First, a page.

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Implications of misclassification of type 2 myocardial infarction on clinical outcomes.

08:00 EDT 12th April 2019 | BioPortfolio

Summary of "Implications of misclassification of type 2 myocardial infarction on clinical outcomes."

Patients with type 2 myocardial infarction (MI) are often classified under the diagnosis of non-ST-segment-elevation MI (NSTEMI) despite the significant differences in clinical characteristics, management, and outcomes between type 2 MI and type 1 NSTEMI. This may have significant implications that can lead to inaccurate assessment of quality measures by MI quality review programs.

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This article was published in the following journal.

Name: Cardiovascular revascularization medicine : including molecular interventions
ISSN: 1878-0938
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Medical and Biotech [MESH] Definitions

A clinical syndrome defined by MYOCARDIAL ISCHEMIA symptoms; persistent elevation in the ST segments of the ELECTROCARDIOGRAM; and release of BIOMARKERS of myocardial NECROSIS (e.g., elevated TROPONIN levels). ST segment elevation in the ECG is often used in determining the treatment protocol (see also NON-ST ELEVATION MYOCARDIAL INFARCTION).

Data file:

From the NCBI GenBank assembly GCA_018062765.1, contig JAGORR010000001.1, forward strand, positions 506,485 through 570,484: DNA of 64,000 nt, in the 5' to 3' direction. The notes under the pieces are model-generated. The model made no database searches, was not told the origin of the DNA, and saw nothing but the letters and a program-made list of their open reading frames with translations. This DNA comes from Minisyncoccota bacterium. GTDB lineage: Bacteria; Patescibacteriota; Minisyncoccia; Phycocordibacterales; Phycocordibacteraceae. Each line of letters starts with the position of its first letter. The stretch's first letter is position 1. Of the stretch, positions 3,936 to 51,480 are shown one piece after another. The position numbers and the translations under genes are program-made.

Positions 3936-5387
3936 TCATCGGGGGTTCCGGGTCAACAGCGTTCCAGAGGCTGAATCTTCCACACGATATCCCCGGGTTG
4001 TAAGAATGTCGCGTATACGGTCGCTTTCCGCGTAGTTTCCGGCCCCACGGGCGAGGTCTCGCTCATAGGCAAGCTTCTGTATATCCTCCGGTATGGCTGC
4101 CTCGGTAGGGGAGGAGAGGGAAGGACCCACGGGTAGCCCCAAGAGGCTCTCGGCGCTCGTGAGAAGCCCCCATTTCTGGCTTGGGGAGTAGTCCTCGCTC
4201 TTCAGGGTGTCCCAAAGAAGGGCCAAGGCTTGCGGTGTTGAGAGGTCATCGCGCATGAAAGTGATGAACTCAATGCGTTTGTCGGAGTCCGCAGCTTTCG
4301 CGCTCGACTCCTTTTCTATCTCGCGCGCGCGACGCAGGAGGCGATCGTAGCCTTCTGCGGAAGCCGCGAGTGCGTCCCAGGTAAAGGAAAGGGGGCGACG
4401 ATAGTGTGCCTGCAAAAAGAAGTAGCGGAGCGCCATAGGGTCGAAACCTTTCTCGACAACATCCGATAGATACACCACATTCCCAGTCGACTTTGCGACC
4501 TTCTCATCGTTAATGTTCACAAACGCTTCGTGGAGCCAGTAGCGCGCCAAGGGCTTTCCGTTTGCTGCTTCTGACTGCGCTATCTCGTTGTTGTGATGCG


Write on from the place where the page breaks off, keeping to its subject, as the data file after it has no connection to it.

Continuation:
MYOCARDIAL INFARCTION in which the anterior wall of the heart is involved. Anterior wall myocardial infarction is often caused by occlusion of the left anterior descending coronary artery. It can be categorized as anteroseptal or anterolateral wall myocardial infarction.

A myocardial infarction that does not produce elevations in the ST segments of the ELECTROCARDIOGRAM. ST segment elevation of the ECG is often used in determining the treatment protocol (see also ST Elevation Myocardial Infarction).

MYOCARDIAL INFARCTION in which the inferior wall of the heart is involved. It is often caused by occlusion of the right coronary artery.

Laceration or tearing of cardiac tissues appearing after MYOCARDIAL INFARCTION.

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